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Banks Need to Increase Security Measures in Apple Pay, Experts Say

Apple Pay is one of the most secure mobile payment systems out there, experts say, but the banks that oversee the transitions aren't up to par.

by Colleen Curry
Mar 5 2015, 2:25pm

Photo by Eric Risberg/AP

High incidences of fraud with Apple's mobile payment app may require banks to adapt their security measures in new ways, according to experts. 

A report in the Wall Street Journal on Monday said that banks were seeing a growing incidence of fraud with the Apple Pay app, and quoted mobile payment expert Cherian Abraham as saying that payment fraud was "growing like a weed."

But to pin the problem on Apple Pay is to misunderstand the system, according to John Pironti, a risk and security advisor at ISACA and president of the security firm IP Architects. In fact, Pironti told VICE News that Apple's security protections are some of the best in the business.

"The Apple Pay model is based on really good practice of layered approaches, limiting where card data can be present in the device, encrypting things appropriately, doing everything we could reasonably ask someone to do in a commercial payment system. Apple is doing it," Pironti said. "That doesn't mean we haven't got creative guys thinking about ways to take advantage, to leverage the device, the network it's traveling over, or interfaces with banks."

The real problem, he said, is that the banks that anchor the transactions aren't secure enough. When users first enter credit card data into the Apple Pay system, banks should make multiple verification steps to make sure that the person entering the data is the card owner and phone owner, he said.

"Some banks ask multiple [security] questions but they are not good questions, and some banks don't. That's a problem not for Apple but for people having questions that aren't so secret. If you want to get my mother's maiden name you can go to Ancestry.com and get it for a few dollars. Is that really the fault of Apple or the issuing bank not strengthening way they authenticate the user?" he said.

Related: Apple has ensured it can't hand over iPhone data to law enforcement. Read more here.

Abraham also identified the account setup step was the weak link in a blog post. He explained that Apple designed new accounts to be sent to either a "green path," if there were no apparent problems, "a yellow path," for a security team to review if the setup was questionable, or a "red path," to deny an account outright. Abraham claimed that banks didn't have enough time before Apple Pay's launch to set up their "yellow path" procedures in order to better catch fraud.

"It is unconscionable that Apple did not, and was not strongly advised by its partners — to make the Yellow Path implementation (by an issuer) mandatory sooner than it did — which was four weeks before AP launch. By then, it was too late for any issuer who had been focused elsewhere to put up any effort of merit," Abraham wrote.

Banks likely opted for minimum security on the Apple Pay transactions initially in order to appeal to customers, Abraham and Pironti both said. There's a point at which security levels are seen as a hassle by the consumer, Pironti added.

"If I make you put your retina in front of the thing everyday or call five phone numbers, you'd probably never use it. So would it be possible to add security features? Sure. But would it be accepted by the intended use population? Probably not," he said.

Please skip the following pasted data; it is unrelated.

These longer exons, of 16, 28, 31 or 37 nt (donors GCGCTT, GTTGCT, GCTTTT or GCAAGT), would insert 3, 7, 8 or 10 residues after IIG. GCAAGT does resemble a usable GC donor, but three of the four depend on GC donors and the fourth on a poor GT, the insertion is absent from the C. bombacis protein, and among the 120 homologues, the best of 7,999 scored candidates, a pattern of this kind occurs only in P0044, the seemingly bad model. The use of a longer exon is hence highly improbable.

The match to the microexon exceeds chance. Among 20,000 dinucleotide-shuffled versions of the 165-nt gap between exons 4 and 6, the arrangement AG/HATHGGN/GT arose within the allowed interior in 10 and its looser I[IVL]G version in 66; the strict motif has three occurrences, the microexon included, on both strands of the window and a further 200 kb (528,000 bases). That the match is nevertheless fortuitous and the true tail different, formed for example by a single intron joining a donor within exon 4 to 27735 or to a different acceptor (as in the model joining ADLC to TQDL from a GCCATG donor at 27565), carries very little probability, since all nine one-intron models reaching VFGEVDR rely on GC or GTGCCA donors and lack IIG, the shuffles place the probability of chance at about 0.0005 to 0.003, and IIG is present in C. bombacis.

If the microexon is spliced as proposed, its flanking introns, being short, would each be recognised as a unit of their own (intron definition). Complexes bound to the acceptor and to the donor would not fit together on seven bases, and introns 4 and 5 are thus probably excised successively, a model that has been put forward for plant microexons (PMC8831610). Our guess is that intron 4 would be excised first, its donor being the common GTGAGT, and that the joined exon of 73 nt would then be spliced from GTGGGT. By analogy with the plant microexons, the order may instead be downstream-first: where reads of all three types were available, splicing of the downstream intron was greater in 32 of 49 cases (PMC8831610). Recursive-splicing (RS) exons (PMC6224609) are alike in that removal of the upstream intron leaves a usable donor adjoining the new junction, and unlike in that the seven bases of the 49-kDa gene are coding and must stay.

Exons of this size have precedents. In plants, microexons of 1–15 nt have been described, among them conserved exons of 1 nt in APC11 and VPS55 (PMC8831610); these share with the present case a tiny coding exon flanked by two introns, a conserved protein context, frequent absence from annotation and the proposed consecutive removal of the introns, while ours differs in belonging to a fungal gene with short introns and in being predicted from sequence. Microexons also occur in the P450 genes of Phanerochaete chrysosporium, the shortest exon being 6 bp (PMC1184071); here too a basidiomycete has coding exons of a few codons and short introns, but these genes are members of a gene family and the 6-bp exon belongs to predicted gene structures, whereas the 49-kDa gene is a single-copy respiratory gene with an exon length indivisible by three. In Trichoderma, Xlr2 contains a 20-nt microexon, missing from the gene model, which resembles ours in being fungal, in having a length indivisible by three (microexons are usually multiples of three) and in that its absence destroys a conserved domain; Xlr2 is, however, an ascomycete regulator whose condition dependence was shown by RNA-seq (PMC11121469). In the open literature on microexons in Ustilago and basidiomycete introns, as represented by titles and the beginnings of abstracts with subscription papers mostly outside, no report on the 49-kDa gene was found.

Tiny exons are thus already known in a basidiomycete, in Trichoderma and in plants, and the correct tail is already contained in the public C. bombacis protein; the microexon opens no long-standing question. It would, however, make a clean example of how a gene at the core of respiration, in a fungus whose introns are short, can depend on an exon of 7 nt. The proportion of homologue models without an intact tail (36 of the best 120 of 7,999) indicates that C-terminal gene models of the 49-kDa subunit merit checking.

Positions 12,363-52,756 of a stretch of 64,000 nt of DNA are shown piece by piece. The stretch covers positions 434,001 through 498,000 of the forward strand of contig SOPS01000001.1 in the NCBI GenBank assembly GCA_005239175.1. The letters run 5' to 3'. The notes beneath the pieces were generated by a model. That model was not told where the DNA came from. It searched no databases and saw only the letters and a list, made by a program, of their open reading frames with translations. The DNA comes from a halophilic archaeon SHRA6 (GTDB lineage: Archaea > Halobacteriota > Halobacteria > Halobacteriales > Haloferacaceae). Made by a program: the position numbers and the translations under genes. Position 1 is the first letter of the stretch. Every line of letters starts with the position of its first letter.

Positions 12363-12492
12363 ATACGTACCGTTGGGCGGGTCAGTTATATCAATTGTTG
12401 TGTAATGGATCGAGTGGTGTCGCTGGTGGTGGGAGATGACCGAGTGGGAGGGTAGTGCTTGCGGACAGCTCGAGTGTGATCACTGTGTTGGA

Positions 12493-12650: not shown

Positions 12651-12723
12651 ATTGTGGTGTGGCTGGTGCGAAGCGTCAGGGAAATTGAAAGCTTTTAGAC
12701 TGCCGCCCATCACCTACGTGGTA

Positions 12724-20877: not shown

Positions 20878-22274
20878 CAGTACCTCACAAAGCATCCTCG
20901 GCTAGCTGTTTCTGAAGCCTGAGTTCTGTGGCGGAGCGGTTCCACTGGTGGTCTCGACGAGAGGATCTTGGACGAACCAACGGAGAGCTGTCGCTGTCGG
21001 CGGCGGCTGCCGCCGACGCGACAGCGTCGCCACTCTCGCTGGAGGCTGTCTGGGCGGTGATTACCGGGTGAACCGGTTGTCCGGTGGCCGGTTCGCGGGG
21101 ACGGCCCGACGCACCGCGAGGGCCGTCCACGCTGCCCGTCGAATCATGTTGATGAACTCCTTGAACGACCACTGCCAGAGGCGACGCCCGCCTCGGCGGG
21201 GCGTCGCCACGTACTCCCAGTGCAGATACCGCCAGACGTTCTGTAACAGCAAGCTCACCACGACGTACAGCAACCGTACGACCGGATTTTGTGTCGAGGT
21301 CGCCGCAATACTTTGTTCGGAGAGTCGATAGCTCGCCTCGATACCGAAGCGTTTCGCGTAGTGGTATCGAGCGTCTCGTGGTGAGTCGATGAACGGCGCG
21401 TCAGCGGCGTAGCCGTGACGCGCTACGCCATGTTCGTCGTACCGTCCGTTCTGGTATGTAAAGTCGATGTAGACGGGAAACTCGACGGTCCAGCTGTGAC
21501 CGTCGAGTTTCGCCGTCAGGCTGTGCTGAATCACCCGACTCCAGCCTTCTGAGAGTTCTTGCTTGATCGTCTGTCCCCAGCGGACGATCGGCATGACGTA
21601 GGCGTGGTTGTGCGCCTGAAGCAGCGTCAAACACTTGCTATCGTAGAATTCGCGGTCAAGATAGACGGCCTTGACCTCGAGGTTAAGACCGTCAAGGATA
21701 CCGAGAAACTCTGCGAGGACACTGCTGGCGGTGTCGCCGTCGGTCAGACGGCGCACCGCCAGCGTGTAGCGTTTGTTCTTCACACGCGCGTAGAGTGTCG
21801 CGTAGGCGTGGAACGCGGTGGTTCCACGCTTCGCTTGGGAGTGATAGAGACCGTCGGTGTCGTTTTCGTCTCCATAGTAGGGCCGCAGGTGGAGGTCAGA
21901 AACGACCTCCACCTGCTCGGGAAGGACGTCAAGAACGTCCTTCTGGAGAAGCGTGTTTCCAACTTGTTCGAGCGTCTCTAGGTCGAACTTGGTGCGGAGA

Abraham told the Journal that a majority of the fraud happening on Apple Pay is being coordinated by a "sophisticated organized crime gang" compromising the process when users enter their credit card data. It's less likely, Pironti said, for thieves to be able to steal a phone and then obtain the credit card information from the device.

Still, the banks likely assumed there would be some fraud with the system, according to the experts. Abraham and Pironti said that banks usually assume 1 percent of transactions will be fraudulent. Abraham estimated that 6 percent of Apple Pay transactions were fraudulent, which may result in banks needing to increase their security controls to bring fraud back down to an acceptable rate for their business model, Pironti explained.

Related: What default phone encryption really means for law enforcement. Read more here.

The widespread discussion over fraud on Apple Pay likely won't spur the tech giant to make any changes to the app, but it probably will cause banks to increase their security measures, according to Pironti. Banks may start paying closer attention to questionable accounts and requiring two-step authentication or calling users whose accounts appear to have been compromised, he said. The mobile payment industry is still not quite as mature as the credit card industry, he explained, and so there is still a gap in security measures.

"There's other things we can do, we can ask for secondary levels of verification for certain transactions, like ones you've never made before or big purchases. The banks may want even more steps and may go back to Apple and say we want more options based on the riskier set of activities. That's easily something where Apple says we're happy to do that for you and you can enable that if you choose to," Pironti said.

Apple did not respond to requests for comment from VICE News but told the Journal that Apple Pay is "designed to be extremely secure and protect a user's personal information" and "banks are always reviewing and improving their approval process, which varies by bank."

Follow Colleen Curry on Twitter: @CurryColleen